Margaret A.WinkerMD, Deputy EditorIndividualAuthorPhil B.FontanarosaMD, Interim CoeditorIndividualAuthor
Copyright 1999 American Medical Association. All Rights Reserved.
Applicable FARS/DFARS Restrictions Apply to Government Use.1999
To the Editor: For 35 years (1959-1994), lightning
has been the second largest storm-related cause of death in the United States,
exceeded only by flash floods.1 Lightning
kills approximately 100 people each year and is responsible for 5 to 10 times
more injuries.2 The sequelae of lightning
injury are not well appreciated either by the lay public or by many physicians.
Many survivors of lightning injury complain of chronic pain syndromes, sympathetic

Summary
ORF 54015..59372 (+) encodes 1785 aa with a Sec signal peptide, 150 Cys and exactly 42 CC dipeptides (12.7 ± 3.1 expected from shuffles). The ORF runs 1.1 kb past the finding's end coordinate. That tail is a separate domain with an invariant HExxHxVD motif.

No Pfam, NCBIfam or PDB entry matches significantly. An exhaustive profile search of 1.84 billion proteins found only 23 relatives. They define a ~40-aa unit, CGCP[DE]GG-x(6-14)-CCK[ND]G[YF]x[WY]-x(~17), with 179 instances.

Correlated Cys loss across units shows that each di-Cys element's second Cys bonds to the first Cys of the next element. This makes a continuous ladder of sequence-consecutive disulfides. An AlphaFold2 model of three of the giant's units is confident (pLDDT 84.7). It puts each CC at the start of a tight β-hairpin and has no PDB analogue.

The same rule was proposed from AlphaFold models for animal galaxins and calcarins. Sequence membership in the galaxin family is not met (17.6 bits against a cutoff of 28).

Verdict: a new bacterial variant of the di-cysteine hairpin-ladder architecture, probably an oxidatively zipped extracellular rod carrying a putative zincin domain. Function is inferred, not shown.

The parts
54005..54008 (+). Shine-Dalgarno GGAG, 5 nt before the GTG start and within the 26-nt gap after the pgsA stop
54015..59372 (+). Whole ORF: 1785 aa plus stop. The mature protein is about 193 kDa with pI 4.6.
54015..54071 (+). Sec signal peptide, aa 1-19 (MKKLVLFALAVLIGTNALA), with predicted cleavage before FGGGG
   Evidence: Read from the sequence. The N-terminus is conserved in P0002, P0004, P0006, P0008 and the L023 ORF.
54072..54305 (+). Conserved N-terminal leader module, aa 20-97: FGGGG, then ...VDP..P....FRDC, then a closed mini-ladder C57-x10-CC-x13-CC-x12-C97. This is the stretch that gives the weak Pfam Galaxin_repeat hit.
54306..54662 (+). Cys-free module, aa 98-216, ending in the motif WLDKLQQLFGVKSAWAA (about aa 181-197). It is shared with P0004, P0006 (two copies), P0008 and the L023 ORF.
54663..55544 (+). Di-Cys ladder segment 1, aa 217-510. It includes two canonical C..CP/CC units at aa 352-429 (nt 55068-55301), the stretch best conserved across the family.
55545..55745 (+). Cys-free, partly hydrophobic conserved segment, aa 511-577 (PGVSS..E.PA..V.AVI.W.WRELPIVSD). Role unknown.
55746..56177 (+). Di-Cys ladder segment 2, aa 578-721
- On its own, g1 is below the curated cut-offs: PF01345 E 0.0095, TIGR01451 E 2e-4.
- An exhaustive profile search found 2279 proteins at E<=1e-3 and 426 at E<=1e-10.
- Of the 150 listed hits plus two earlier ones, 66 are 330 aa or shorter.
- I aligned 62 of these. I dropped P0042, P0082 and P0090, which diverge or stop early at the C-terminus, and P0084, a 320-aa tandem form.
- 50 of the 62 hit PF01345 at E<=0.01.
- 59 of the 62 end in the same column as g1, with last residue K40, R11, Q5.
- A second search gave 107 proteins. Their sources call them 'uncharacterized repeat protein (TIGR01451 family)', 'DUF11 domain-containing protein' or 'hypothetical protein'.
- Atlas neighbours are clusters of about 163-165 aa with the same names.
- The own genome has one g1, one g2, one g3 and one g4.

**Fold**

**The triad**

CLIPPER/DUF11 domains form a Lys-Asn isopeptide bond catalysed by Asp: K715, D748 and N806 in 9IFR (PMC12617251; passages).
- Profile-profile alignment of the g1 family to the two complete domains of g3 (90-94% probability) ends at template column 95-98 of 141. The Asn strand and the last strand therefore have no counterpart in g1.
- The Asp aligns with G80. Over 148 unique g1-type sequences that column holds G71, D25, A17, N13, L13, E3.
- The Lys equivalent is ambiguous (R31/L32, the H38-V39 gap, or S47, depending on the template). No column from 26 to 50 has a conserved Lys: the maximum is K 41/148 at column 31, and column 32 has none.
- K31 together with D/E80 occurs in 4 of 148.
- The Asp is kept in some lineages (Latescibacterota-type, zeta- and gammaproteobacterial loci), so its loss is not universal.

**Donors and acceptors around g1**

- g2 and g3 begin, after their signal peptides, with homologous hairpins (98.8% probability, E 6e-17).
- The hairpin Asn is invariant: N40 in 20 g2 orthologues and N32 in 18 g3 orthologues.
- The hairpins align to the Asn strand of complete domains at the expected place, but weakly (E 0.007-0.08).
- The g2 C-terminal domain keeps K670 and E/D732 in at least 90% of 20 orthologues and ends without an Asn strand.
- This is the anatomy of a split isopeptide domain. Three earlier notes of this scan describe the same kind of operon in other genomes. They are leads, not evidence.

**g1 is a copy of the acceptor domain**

nervous system injury, sleep disturbances, and neurocognitive deficits.2,3 Because people who are struck
by lightning are most often healthy and productive young adults, lightning
strike injuries represent a significant source of disability.1- 3
Cooper MA, Holle R, Lopez R. Recommendations for Lightning Safety. JAMA. 1999;282(12):1132-1133. doi:10-1001/pubs.JAMA-ISSN-0098-7484-282-12-jbk0922